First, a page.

Stan Bharti is a recognized international businessman and entrepreneur with over thirty years of hands-on experience in the mining, oil and gas, technology and finance sectors. Stan is the Founder and Executive Chairman of Forbes & Manhattan Inc, an international merchant bank and finance house focused on natural resources, infrastructure, energy and technology. Forbes is recognized around the world as a leader in discovering, financing and building projects through to completion.
Potassium is a vital agricultural nutrient source that has no substitute. After all, plants require sufficient potash to activate dozens of important enzymes, which in turn catalyze chemical reactions important for water uptake and photosynthesis.
It significantly affects the absorption and utilization of other nutrients by plants. Besides, it is also very important for cell growth, which is an essential process for the function and development of plants.
As fertilizer for growing crops, potassium strengthens root systems, helping plants resist disease, dry, and cold weather. It further plays a vital role in yield formation and increases crop quality. Overall, Potassium is important for ensuring optimal plant growth.
The potash fertilizer market is projected to have a CAGR of 4.1% from 2022-2027. The production and demand for this essential nutrient are rising substantially, but at the same time, the supply side is facing issues at the global level.
Agribusiness is one of the main drivers of the Brazilian economy. Through its increasing exports, Brazil has been feeding the entire world. In fact, Brazil has become a world leader in agriculture through its abundant natural resources, large-scale operations, extensive use of state-of-the-art production technology, and modern farm management.
At the same time, Brazil is the world’s fourth-largest fertilizer consumer. This growth in demand has actually surpassed the world’s growth rate. But for its agricultural chemicals, Brazil relies on imported inputs. This dependence is most acute for fertilizers, with Brazil importing more than 80% of its total fertilizer needs annually.
Due to producing only 2% of the world’s fertilizers, Brazil imports a vast majority of its fertilizers, especially potassium at above 95%, nitrogen (96%), and phosphorus (55%).
In the first nine months of 2021, Brazilian fertilizer imports exceeded 24 million tons, 13% higher than the previous period, according to the Secretariat of Foreign Trade at the Ministry of Economy in Brazil. This has left farmers vulnerable to nutrient price increases.
Over the last couple of years, there has been increasing concern about rising fertilizer prices and potential disruption to the global fertilizer trade. According to Brazilian growers, the most problematic nutrient to source is potassium during such events.
Global trade in potash is very concentrated, with Canada being the world’s leading exporter of potash, accounting for a roughly 20% market share. Together, Russia and Belarus account for about a third of global potash exports. But Belarus is subjected to sanctions on its potash exports, and Russia is going through war and sanctions.
The global potash outlook is currently facing some major geopolitical issues due to being heavily dependent on what happens in Belarus and Russia. Russia also has the largest number of individual projects in the International Fertilizer Association’s (IFA) capacity forecast.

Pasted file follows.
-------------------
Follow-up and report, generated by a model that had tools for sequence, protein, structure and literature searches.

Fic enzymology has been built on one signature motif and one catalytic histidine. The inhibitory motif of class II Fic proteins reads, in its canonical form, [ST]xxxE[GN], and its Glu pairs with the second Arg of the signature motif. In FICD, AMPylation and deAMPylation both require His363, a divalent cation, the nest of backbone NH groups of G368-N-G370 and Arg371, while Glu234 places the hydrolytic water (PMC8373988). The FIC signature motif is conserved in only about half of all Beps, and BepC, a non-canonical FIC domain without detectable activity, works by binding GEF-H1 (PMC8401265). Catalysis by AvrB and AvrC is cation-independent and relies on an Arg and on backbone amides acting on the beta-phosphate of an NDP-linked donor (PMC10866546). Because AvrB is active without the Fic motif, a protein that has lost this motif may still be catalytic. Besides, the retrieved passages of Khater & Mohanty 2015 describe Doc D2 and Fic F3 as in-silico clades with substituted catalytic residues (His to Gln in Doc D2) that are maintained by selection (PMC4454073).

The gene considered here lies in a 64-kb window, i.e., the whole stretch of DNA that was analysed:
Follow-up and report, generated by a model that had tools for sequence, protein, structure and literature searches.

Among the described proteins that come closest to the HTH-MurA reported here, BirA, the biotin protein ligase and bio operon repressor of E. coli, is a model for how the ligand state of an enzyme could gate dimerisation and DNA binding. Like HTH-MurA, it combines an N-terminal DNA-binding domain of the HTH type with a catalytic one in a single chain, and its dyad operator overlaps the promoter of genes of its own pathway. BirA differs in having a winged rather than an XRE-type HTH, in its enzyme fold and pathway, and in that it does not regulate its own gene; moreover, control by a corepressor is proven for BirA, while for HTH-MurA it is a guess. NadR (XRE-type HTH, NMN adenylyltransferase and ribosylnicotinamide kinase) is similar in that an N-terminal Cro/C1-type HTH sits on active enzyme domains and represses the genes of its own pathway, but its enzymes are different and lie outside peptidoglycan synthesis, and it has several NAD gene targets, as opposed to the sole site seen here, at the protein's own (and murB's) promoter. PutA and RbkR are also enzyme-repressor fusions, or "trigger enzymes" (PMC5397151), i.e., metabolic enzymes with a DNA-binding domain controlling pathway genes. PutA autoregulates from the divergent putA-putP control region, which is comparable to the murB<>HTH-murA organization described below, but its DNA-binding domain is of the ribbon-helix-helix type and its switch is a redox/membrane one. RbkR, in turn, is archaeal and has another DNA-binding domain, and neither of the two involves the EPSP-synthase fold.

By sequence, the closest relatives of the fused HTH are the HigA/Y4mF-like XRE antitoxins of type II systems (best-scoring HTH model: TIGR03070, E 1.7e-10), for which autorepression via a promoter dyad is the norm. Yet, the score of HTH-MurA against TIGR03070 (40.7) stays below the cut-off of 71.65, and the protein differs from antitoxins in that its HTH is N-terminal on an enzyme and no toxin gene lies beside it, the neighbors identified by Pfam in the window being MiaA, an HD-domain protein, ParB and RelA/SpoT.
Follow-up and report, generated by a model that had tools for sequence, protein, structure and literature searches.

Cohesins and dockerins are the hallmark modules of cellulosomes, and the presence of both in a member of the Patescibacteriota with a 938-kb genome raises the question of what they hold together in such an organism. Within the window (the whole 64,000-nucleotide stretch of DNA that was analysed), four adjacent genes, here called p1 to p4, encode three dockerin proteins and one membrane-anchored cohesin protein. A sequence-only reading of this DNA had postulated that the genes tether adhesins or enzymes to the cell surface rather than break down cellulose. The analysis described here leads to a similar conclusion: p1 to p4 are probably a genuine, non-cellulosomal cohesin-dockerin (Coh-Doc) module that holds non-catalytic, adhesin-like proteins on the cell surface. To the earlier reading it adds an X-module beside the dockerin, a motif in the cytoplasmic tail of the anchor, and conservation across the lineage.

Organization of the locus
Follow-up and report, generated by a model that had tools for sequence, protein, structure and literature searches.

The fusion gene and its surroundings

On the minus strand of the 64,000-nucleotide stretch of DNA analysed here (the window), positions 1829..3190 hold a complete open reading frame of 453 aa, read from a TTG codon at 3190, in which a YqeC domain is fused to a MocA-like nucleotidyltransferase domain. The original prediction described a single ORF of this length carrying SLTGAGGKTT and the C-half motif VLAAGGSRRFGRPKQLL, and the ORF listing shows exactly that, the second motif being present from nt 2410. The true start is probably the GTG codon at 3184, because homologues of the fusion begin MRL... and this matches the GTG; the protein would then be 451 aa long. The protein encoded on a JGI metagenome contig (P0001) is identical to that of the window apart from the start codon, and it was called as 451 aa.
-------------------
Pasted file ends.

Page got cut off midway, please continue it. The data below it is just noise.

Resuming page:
This particularly affects Brazil because it sources about a quarter of its fertilizers from Russia. The COVID-19 pandemic and protectionist trade measures by important producers have further caused fertilizer disruption in Brazil.
Together, geopolitical tensions and logistical woes led to prices for the valuable fertilizer component potash soaring past US$1,000 per tonne for the first time ever. Prices have retreated slightly but still remain at elevated levels not seen in a decade.
As we mentioned, Brazil is a powerhouse agricultural producer, ranking among the top three global exporters of several commodities. But to support its massive agribusiness sector, Brazil relies on imported fertilizers, especially potash, 97% of which is imported. As a matter of fact, Brazil is the second largest potash consumer in the world.
The Russian-Ukraine war is currently disrupting the global fertilizer trade, which has led to rising concerns in Brazil that growers may be unable to expand the croplands which require annual replenishment given Brazilian agricultural soils do not bind well with Potash. After all, without critical nutrients such as potash, they will also see lower crop yields.
On top of that, the prices for the fertilizer ingredient have soared considerably on fears of a shortage caused by global unrest. To reduce the sector’s dependence on imports, shipping costs and protect farmers from price increases, the government has developed a National Fertilizer Plan, but the implementation is expected to take decades.
Brazil aims to raise national production gradually through 2050 to six million tons of installed capacity. The country’s domestic potash capacity with exploration potential is located in Sergipe and Amazonas’ already deforested lands, which account for around 3% of global deposits.
With the factors impacting the potash market continuing to remain relevant, coupled with freight challenges, gas and coal prices, and other supply issues, the future is full of uncertainty. Combined with this uncertainty is the trending up demand, which means Brazil needs to start fulfilling its potash needs domestically.
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